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Thursday, March 4, 2010

Zinedine Zidane: "I will never apologize to Materazzi. It would be dishonorable. I prefer to die."

Association ELA Launches "Gift For Chance" Campaign with Zinedine Zidane

In an exclusive interview with the Spanish daily, El Pais, from Madrid, Zinedine Zidane discussed his lingering strong feelings about his last professional appearance in Berlin. He would rather die than apologize to Marco Materazzi.

Marco Materazzi Accepts Apology From British Tabloid

"Cada genio opera en un espacio irracional, inexplicable, y Zidane lo manifestó hasta el último gesto de su carrera. Sucedió cuando estaba a punto de conducir a Francia a la conquista de la segunda Copa del Mundo. En lo más áspero de la disputa de la final contra Italia, en un córner en el minuto 110, propinó un magnífico cabezazo al defensa italiano Materazzi."

Every genius works in an irrational space, inexplicable, and Zidane manifested this up until the last gesture of his career. It happened when he was close to leading France to their second World Cup triumph. In the most bitter moment of the final against Italy, from a corner in the 110th minute, he launched a magnificent head butt at the Italian defender, Materazzi.

Zidane fue expulsado. Francia perdió la Copa y Zidane nunca más volvió a ponerse unas botas. "Sí, claro que me lo reprocho a mí mismo", dice Zidane sin siquiera mencionar a su adversario; "pero, si yo digo 'perdón', también estaría admitiendo que lo que hizo él fue normal. Y para mí no fue normal. En el campo pasan cosas. Me ha pasado muchas veces. Pero ahí no pude aguantar. Porque además... No es una excusa. Pero mi madre estaba enferma. Estaba en el hospital. Esto la gente no lo sabía. Pero era un mal momento. Más de una vez insultaron a mi madre y nunca contesté. Pero ahí... Y pasó. Y pedirle perdón a éste... Si hubiese sido Kaká, un tío normal, un tío bueno, claro que le habría pedido perdón. ¡Pero a éste! Si le pido perdón, me falto el respeto a mí mismo y a todos los que quiero con toda el alma. Pido perdón al fútbol, a la afición, al equipo... Después del partido, entré al vestuario y les dije: 'Perdonadme. Esto no cambia nada. Pero perdón a todos'. Pero a él no puedo. Nunca, nunca... Sería deshonrarme... Prefiero morir".

Zidane was red carded. France lost the Cup and Zidane never again laced up his boots.

"Yes, of course, I blame myself" said Zidane without mentioning his adversary. "But, if I say 'I'm sorry', it would also be admitting that what he did was normal. And for me, it was not normal. On the pitch, things happen. It happened to me many times. But I couldn't put up with it there (what Materazzi said). Because in addition... There is no excuse. Because my mother was ill. She was in hospital. People didn't know that. But it was a terrible moment. More than once they insulted my mother and I never responded. But there... And it happened. And to ask for forgiveness to that... If it had been Kaka', a regular bloke (he used the term 'uncle'), a good guy, clearly I would have apologized. But to him! If I apologize, I lose my self respect and all that I love with my soul. I apologize to football, to the fans, to the team... After the game, in the tunnel I said to them: 'Forgive me. This doesn't change anything. But apologies to everyone.' But to him (Materazzi) I can't. Never, never... It would be dishonorable to me... I prefer to die."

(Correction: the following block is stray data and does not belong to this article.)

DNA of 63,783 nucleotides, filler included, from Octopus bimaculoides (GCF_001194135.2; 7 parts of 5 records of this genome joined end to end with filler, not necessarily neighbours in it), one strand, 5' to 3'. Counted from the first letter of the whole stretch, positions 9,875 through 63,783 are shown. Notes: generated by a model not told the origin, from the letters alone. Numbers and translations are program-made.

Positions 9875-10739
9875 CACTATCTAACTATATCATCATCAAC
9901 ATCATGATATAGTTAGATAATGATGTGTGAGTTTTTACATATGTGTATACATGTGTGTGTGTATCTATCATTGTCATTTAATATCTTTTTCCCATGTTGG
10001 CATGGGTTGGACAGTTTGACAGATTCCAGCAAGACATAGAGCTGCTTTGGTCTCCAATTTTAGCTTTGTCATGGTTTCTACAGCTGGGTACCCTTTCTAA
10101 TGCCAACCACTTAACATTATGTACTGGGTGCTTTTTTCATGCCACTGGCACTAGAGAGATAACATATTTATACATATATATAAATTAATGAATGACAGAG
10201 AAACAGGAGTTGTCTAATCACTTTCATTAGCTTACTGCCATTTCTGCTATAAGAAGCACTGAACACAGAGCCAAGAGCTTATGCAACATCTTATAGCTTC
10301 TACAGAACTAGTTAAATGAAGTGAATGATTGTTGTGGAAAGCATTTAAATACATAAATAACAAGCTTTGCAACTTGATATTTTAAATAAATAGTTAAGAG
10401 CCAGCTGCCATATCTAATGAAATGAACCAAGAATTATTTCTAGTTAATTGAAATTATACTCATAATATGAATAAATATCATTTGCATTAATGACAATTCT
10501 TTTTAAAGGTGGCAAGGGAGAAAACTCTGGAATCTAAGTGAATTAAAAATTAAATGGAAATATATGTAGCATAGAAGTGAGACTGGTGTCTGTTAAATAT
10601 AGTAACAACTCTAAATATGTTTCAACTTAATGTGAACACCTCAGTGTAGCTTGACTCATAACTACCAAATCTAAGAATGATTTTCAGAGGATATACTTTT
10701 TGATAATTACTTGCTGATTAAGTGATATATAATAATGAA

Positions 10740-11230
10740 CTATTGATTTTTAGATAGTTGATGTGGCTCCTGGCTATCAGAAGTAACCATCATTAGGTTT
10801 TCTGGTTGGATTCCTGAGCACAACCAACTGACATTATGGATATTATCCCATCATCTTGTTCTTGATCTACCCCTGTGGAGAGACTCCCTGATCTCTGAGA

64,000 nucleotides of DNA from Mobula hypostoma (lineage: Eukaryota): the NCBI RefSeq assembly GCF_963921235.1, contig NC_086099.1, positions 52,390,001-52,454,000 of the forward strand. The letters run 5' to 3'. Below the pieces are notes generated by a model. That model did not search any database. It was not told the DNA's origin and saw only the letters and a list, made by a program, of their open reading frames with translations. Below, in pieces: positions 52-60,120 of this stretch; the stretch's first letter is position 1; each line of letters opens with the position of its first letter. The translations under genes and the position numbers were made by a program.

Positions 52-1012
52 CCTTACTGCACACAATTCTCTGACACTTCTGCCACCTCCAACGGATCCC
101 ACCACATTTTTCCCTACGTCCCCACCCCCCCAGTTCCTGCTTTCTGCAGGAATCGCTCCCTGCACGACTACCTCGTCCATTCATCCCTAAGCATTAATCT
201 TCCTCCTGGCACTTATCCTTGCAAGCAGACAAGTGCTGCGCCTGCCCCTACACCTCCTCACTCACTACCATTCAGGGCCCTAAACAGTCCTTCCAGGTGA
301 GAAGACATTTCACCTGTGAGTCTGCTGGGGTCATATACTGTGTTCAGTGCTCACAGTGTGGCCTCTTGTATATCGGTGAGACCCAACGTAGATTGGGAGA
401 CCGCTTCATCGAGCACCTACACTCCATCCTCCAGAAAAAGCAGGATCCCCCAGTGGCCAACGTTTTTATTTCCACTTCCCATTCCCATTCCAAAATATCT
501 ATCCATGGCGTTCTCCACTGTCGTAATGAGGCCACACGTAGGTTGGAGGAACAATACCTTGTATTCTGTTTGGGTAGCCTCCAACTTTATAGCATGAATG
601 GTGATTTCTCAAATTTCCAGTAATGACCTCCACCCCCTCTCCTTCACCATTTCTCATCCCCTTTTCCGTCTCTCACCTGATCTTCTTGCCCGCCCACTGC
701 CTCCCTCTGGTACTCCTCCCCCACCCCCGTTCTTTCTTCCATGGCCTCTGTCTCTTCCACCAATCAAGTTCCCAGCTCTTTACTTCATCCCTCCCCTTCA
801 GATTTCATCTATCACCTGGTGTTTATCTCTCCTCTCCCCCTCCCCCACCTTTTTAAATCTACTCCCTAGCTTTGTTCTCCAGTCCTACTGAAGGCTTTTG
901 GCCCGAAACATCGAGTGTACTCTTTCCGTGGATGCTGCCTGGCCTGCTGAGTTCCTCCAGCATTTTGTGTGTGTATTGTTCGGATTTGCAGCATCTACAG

Zidane procura extraer una lección edificante de un episodio que le desagrada recordar. "A los jóvenes hay que decirles que se puede jugar de manera más noble", advierte; "que en el campo siempre pueden pasar cosas desagradables. Pero que el fútbol es un deporte y no tienen por qué haber humillaciones. Yo hablaba poco, pero a los rivales también les decía cosas. Todo depende de las personas. Hay rivales muy graciosos, que te dicen cosas y te hacen reír. Pero hay gente malvada. Y a esos tíos no los quieres ni oír hablar. '¿Qué me vas a contar tú?'. También me encontré rivales que me hicieron reír. Y árbitros muy graciosos. Y compañeros que me hacían reír todos los días, como Ronaldo, un crack en todos los sentidos".

Zidane looks to extract a teaching lesson from an episode that is unpleasant for him to recount.
"To young people, you have to tell them that you can play in a more noble manner." He adds, "On the pitch, unpleasant things can always happen. But football is a sport and there don't have to be humiliations. I spoke little, but to rivals, I would tell them things. Everything depends on the other persons. There are very gracious opponents that tell you things and make you laugh. But there are wicked people. And to these blokes you don't want to say or hear anything. 'What are you going to tell me about it?' I also encountered opponents that made me laugh. And very gracious referees. And teammates that made me laugh every day, such as Ronaldo, a great player in every sense."
Spanish language source courtesy of El Pais, March 1, 2010.

Spanish to English translation by Steve Amoia of World Football Commentaries.


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